How To Clean Vinyl Plank Flooring | 2020 Cleaning Tips | 2020 Tips & Tricks

How To Clean Vinyl Plank Flooring | 2020 Cleaning Tips

cleaning vinyl plank flooring

Luxury Vinyl Plank (LVP) is one of the most durable flooring types on the market however it won’t keep its good looks without your help. Loose dirt can scratch the coating on your tile, so it’s important to clean your floors frequently. Make a quick sweep part of your nightly clean-up routine to maximize the longevity of your floors.  When you need your home to be truly spotless, here’s how to safely deep clean LVP.

Dry Mops for Day to Day Cleaning

Before you take water to your floors, make sure you have removed as much dust and debris as you can with a dry microfiber mop or vacuum cleaner.  As with laminate flooring, you want to minimize the amount of water you use on vinyl plank.  If water seeps in between planks it could curl the tile, loosen glue or cause mold in the subfloor.

Even if you have one of the many waterproof LVPs, caution with water is never a bad idea. Ideally water should only be needed to remove persistent dried residue once the bulk of dirt and dander is gone.

Dry microfiber mops work fabulously to remove the dust that gathers in corners and low-traffic areas such as under tables and floor lamps.  Sweep the mop in an S-pattern, without retracing your strokes, to maximize efficacy.

You can use a traditional broom and dustpan on your vinyl plank or vinyl tile floors.  Brooms are great for large pieces of debris – such as the apple peels that escaped from your baking project last night – but are much less effective against smaller particles, like the flour.

These tiny particles may seem harmless, but they can do significant damage to your floor’s polyurethane coating if tracked around by shoes, slippers or a wet mop.

Can You Vacuum Luxury Vinyl Plank?

Another option for daily dust removal is a vacuum cleaner.  Yes, you can safely run a vacuum cleaner on vinyl – but only if it’s designed for hard floor use.

Lightweight vacuum cleaners are best, especially those with rubber or felt wheels that won’t leave marks.  There are several stick and canister vacuums on the market designed with these features.

If you choose to use an upright vacuum, make sure it’s one with a hard floor setting that will lift the “beater bar” out of the way or has the option to manually remove the bar altogether. The beater bar is the rotating brush that sweeps hair out of the carpet so neatly – but can scar the finish on your vinyl.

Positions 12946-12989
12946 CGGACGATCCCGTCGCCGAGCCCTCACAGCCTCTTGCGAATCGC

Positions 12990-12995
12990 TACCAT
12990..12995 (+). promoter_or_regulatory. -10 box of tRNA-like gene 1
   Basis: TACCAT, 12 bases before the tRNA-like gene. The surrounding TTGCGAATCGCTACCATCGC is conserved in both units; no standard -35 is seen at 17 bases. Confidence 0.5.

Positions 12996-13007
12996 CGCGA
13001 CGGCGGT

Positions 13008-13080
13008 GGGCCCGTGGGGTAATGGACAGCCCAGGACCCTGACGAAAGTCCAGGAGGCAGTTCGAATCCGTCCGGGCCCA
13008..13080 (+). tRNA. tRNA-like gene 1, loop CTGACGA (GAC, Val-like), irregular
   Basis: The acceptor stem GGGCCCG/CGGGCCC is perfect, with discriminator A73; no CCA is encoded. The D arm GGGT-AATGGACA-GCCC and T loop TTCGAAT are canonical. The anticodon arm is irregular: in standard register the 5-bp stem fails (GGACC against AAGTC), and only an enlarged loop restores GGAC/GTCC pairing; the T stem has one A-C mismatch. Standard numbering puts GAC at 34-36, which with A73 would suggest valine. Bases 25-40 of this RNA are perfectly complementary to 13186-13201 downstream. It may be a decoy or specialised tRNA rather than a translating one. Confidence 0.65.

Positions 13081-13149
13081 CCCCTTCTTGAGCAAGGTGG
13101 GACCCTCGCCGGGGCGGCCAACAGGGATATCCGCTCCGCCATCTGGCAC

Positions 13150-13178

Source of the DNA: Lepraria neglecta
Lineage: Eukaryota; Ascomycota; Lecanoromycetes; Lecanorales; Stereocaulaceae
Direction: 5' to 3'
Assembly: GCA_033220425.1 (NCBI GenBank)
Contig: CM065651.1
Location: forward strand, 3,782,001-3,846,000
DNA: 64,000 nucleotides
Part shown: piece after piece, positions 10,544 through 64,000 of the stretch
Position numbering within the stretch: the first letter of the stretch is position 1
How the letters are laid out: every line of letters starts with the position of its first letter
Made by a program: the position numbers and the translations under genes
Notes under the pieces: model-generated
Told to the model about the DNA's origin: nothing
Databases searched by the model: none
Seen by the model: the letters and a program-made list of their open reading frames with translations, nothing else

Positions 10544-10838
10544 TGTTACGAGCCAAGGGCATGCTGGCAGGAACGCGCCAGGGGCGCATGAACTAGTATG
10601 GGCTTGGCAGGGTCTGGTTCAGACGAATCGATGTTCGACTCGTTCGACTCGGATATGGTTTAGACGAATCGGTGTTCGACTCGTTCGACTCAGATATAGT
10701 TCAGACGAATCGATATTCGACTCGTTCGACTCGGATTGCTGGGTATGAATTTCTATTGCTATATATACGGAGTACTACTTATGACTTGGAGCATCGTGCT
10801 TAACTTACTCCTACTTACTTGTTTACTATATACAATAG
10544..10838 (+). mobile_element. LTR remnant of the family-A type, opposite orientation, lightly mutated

Wet Mops – When and Where to Use Them

Once you have removed the major dust and dander from your floor, use water and a cleaning solution to go after the stubborn grime.  You may find that your floors are so clean after vacuuming that attacking the few remaining dirty spots by hand is the most effective approach.

Remember, your goal is to reduce the amount of water applied to your floor as much as possible.  Warm water paired with a dot of dish detergent on terrycloth is the worst enemy of sticky, icky spots when you add some elbow grease.

If you want to use a wet mop, a microfiber flip mop or spin mop are your safest options.  Make sure to use a fresh cleaning pad, not the same one you used for dusting! Don’t use a sponge mop with an abrasive scratch pad.

What cleaning product is safest for vinyl floors?  A simple solution of one part white vinegar to five parts filtered water is effective and inexpensive.

You can also use a product designed for LVP flooring, but always rinse using a fresh mop head afterward, even if the product says “no-rinse.”  The overuse of soap on your floors will quickly cause buildup that can trap abrasive dirt particles and cut down shine.

Is it Safe to Use a Steam Mop on Vinyl Plank Flooring?

Quick, effective, and minimal, steam mops are the favorite tool in many a homemaker’s broom closet.  But is it truly safe for the longevity of your floor?

Most experts will answer this question with a strong “no.”  Steam mops drive moisture down between the planks, which is exactly what you want to avoid.  This can weaken adhesive on glued floors and cause warping, or worse, mold.  Most LVP manufacturers advise against using a steam mop on their product.

However, there is a counter argument in favor of steam mops: that they apply so little water compared with  traditional mops that the occasional use may be safe or even preferred.

If you choose to use a steam mop, use it on a hot setting so that the water evaporates as quickly as possible.  Do not use too frequently.  Do not linger on any one spot.

Definitely check the manufacturer’s recommendations for your particular flooring product before you use a steam mop.  The last thing you want to do is void a warranty due to improper care.